Onboarding

4 Ways to Determine If Your Onboarding Process Is Broken

4 Ways to Determine If Your Onboarding Process Is Broken
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Something weirdly funny is going on with employers. They spend a lot of time and energy looking for and recruiting the right talent. Then they focus on employee engagement and retention to try to ensure that that talent sticks around. Yet, good employees keep leaving.

Related: 6 Steps to Create an Effective Employee Onboarding Experience

So, what is everyone doing wrong?

Simply put, nationwide, onboarding processes are broken. In a 2015 ALEX survey of 400 new employees, 17.5 percent of respondents said they didn’t understand performance expectations for their position until fully 90 days of work had passed. And 11.3 percent said at the time of the survey that they still didn’t have a firm understanding.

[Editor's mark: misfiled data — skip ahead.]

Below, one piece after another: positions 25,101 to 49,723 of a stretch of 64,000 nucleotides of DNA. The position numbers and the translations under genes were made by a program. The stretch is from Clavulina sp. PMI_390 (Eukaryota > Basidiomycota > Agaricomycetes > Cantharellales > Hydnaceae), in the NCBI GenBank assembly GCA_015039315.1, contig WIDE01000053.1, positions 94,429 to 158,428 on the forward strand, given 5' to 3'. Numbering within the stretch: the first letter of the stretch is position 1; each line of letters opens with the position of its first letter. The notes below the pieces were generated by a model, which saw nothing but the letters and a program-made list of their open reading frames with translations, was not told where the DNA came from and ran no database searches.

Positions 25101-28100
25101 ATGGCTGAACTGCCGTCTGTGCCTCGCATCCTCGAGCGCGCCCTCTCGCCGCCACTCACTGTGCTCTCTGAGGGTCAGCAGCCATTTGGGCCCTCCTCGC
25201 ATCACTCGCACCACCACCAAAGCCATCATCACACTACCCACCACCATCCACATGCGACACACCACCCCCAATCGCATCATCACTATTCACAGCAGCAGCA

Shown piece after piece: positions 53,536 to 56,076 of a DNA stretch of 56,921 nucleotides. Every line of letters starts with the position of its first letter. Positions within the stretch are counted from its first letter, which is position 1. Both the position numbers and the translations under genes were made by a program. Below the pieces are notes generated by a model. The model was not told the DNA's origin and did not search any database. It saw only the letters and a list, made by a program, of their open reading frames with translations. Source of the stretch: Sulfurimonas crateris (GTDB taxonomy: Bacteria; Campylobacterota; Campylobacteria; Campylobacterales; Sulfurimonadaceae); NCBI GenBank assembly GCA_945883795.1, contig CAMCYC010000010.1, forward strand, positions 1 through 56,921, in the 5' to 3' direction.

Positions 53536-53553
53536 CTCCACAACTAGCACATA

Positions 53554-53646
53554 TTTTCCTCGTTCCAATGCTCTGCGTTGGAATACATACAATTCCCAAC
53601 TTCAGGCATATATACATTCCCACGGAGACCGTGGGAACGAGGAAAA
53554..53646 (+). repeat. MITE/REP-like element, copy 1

Unfortunately, there’s no one-size-fits-all solution for the onboarding problems these survey findings suggest. Each individual organization needs to take a close look at its process to see where there’s room for improvement. And to do that, employers need to understand the different metrics they can use to analyze how well their onboarding process is functioning.

Here are four questions to ask about your own onboarding and the metrics you can use for measuring and tracking, to improve your process:

1. Did new hires receive the tools they needed for success?

No one can expect new employees to grow into A-players if they aren’t given the tools, resources and knowledge they need. This includes basics, like a computer and an employee handbook, of course, but it extends to the type of training and support new employees receive.

A 2015 TinyPulse survey of more than 400,000 employees found that 24 percent of respondents said they were less productive because they lacked the tools they needed to excel. Mix that with the general confusion that comes along with being new, and you have a recipe for onboarding disaster.